10.       At its 58th session, the Committee considered the admissibility of the communication.

 

11.1     As regards the author's claim relating to his arrest and trial for the murder of Angella Baugh-Dujon, the Committee ascertained, as required under article 5, paragraph 2(a), of the Optional Protocol, that the same matter was not being examined under another procedure of international investigation or settlement.

 

11.2     The Committee noted that the State party had not objected to the admissibility of the communication for failure to exhaust domestic remedies. In the circumstances, the Committee considered that it was not precluded by article 5, paragraph 2(b), of the Optional Protocol from examining the claims on their merits.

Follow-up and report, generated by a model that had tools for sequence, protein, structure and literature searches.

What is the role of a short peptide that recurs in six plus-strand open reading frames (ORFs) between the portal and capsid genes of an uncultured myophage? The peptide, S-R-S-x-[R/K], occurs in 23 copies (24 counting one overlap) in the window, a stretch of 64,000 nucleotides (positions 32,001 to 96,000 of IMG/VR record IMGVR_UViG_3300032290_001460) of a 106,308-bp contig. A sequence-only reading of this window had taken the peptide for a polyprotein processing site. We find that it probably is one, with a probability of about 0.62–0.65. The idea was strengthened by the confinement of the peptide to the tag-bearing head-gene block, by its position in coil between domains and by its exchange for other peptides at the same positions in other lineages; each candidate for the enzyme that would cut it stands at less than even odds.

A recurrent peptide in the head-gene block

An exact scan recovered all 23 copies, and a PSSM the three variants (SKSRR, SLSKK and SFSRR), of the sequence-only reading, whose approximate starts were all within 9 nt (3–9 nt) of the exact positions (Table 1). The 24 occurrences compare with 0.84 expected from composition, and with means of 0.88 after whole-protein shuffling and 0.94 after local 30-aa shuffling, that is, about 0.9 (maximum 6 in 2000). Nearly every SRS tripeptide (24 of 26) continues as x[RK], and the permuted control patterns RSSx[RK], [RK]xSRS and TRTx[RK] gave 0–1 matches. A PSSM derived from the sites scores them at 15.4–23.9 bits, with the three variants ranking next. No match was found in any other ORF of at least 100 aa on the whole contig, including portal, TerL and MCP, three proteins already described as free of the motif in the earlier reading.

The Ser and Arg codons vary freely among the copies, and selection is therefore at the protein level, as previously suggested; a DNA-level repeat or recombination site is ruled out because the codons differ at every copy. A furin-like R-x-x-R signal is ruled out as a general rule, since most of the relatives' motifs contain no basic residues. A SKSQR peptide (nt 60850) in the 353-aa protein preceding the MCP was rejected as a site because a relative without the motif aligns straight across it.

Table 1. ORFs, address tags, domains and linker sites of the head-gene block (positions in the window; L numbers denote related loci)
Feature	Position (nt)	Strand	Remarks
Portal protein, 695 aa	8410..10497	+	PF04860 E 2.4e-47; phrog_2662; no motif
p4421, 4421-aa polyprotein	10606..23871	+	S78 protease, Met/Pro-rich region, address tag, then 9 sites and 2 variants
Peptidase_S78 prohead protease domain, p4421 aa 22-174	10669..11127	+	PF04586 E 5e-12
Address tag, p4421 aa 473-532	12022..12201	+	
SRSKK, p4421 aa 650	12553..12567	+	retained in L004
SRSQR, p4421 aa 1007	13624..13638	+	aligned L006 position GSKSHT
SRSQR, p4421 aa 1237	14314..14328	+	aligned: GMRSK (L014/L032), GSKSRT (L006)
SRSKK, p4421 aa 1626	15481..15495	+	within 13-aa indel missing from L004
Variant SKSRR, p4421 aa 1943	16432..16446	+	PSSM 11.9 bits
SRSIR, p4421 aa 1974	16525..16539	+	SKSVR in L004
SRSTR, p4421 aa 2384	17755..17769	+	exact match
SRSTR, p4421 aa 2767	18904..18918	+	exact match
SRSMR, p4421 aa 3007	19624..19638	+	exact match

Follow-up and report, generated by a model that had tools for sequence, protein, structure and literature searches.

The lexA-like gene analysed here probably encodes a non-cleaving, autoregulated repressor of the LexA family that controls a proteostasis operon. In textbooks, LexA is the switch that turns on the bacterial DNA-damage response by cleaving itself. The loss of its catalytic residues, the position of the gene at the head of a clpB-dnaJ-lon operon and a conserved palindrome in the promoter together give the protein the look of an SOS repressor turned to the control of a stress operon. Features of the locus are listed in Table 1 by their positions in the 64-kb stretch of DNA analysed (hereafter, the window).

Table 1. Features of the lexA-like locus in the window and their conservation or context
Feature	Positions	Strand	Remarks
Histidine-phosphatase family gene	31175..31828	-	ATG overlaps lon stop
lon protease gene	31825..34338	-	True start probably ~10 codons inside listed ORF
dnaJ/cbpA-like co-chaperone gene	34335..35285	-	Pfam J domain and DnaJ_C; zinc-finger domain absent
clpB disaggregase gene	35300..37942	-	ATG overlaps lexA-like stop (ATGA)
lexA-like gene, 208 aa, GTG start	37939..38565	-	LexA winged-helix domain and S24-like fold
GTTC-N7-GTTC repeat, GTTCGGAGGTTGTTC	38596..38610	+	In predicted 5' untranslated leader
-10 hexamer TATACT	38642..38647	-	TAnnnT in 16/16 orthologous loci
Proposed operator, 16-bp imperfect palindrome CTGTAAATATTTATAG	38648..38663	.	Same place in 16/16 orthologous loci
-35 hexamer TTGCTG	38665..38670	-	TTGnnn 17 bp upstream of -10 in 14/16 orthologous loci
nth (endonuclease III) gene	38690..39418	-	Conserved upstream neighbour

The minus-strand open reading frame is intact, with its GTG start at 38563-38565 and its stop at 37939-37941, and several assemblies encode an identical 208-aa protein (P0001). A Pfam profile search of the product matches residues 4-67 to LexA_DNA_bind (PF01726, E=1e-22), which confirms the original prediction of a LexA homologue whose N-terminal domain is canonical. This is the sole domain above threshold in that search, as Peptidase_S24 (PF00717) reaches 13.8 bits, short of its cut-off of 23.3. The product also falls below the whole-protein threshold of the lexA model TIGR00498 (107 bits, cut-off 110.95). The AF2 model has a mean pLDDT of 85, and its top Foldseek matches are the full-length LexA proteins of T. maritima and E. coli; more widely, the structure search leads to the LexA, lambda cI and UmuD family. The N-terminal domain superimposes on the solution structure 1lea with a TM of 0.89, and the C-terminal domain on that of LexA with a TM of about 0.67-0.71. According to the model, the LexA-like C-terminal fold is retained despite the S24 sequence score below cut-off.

11.3     The Committee noted that part of the author's allegations related to the evaluation of evidence, to the instructions given by the judge to the jury and to the conduct of the trial. The Committee referred to its prior jurisprudence and reiterated that it was generally for the appellate courts of States parties to the Covenant to evaluate facts and evidence in a particular case. Similarly, it was not for the Committee to review specific instructions to the jury by the trial judge, unless it could be ascertained that the instructions to the jury were clearly arbitrary or amounted to a denial of justice. The material before the Committee did not show that the trial judge's instructions or the conduct of the trial suffered from such defects. Accordingly, this part of the communication was inadmissible as incompatible with the provisions of the Covenant, pursuant to article 3 of the Optional Protocol.